Basics Of Braising
Start with the right materials
Successful braising begins with the perfect pot: you ideally need a heavy-duty Dutch oven with a tight fitting lid, as these are perfect for the long, slow type of cooking. If not, you at least need a pot with a heavy bottom so the food won't burn. You can braise on the stovetop or in the oven, but either way, the right pot will make your braising endevours much easier.
Use flavourful liquid
You can use any type of liquid to braise your foods, from water to stock to tomato juice! The purpose of a braising liquid is to add flavour and aroma to the food, so if you're using water, be sure to add plenty of herbs and spices to add flavour to your dish. Make sure you have enough liquid to cover the meat about half way; you don't want to totally submerge the food, because that will boil the meat instead of braise it.
The short-braise technique is used for more delicate foods, such as vegetables, fish and chicken. Using this technique, you braise the food just long enough to cook it all the way through. How long you braise for is based on how thick your food is, so follow your particular braising recipe and check whether it is cooked using a meat thermometre if necessary.
The long-braise is the technique most people think of when a recipe calls for braising. Long-braising essentially slow-cooks the meat, transforming even the toughest cuts of meat into tender, flavourful dishes. It also reduces the cooking liquid down to a thicker sauce-like consistency.
Sear in juices and flavoUr
Whether you decide to long or short braise, the process begins by browning the meat in hot oil, before adding the other ingredients and the liquid, and then cooking for several hours. Searing the meat before braising locks in flavour and ensures that meaty juices make the braised meats incredibly tender.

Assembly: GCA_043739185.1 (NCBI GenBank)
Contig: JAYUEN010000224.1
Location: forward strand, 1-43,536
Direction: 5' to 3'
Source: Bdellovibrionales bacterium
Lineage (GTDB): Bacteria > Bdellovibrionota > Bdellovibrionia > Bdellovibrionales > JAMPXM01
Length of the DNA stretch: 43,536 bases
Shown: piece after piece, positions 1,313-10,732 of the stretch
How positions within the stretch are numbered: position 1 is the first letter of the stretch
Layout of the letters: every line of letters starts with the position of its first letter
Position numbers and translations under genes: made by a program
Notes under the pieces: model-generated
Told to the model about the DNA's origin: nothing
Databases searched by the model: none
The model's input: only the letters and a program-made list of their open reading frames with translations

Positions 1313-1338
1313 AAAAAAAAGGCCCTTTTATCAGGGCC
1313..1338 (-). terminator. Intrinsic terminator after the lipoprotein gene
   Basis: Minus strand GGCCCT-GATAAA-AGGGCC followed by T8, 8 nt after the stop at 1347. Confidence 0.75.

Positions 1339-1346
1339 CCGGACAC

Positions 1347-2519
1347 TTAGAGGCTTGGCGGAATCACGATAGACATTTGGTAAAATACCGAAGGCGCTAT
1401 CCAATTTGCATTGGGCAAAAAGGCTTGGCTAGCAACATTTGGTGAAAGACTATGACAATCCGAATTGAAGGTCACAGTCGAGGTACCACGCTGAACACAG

Braised Beef Short Ribs
- 1.5 kg beef short ribs, trimmed of fat
- 1 small carrot, diced
- 1 stalk celery, diced
- 1 medium onion, diced,
- 2 tbs. olive oil
- 4 cloves garlic, minced
- 1/2 cup balsamic or red wine vinegar
- 2/3 cup good red wine
- 6 plum tomatoes, seeded and quartered
- 2-1/2 cups low-sodium beef broth
- 3 sprigs fresh thyme
- 3 sprigs fresh rosemary
- Freshly ground black pepper
- Season ribs with salt and pepper.
- In a heavy-based pot, heat olive oil over a medium-high heat. Sear ribs until browned on all sides, and place ribs in a large bowl to set aside.
- Preheat the oven to 150 degrees C. Add carrot, celery, onion and garlic to the hot oil and saute until brown.
- Add vinegar and red wine, stirring until all of the browned bits have been scraped from the pan and the bottom of the pot is free of browned bits (this is often referred to as deglazing the pan).
- Continue to cook until the liquid has been reduced by one third.
- Add tomatoes, broth and herbs. Return ribs to pot and bring to a boil, and then cover pot and transfer to the preheated oven.
- Cook for 3-4 hours, turning the ribs once or twice. You want to cook the ribs until they are "fork tender" and the meat is just barely clinging to the bone.
- Remove ribs from the pot and set aside. Strain the sauce. Remove the clear fat that is floating on the surface of the cooking liquid, or alternatively chill the sauce until the fat has hardened, and then remove.
- Cook the strained and de-fatted sauce over a medium-high heat until the liquid has reduced and thickened; this will take around 15 minutes. Serve succulent ribs drizzled with the rich and flavourful sauce.
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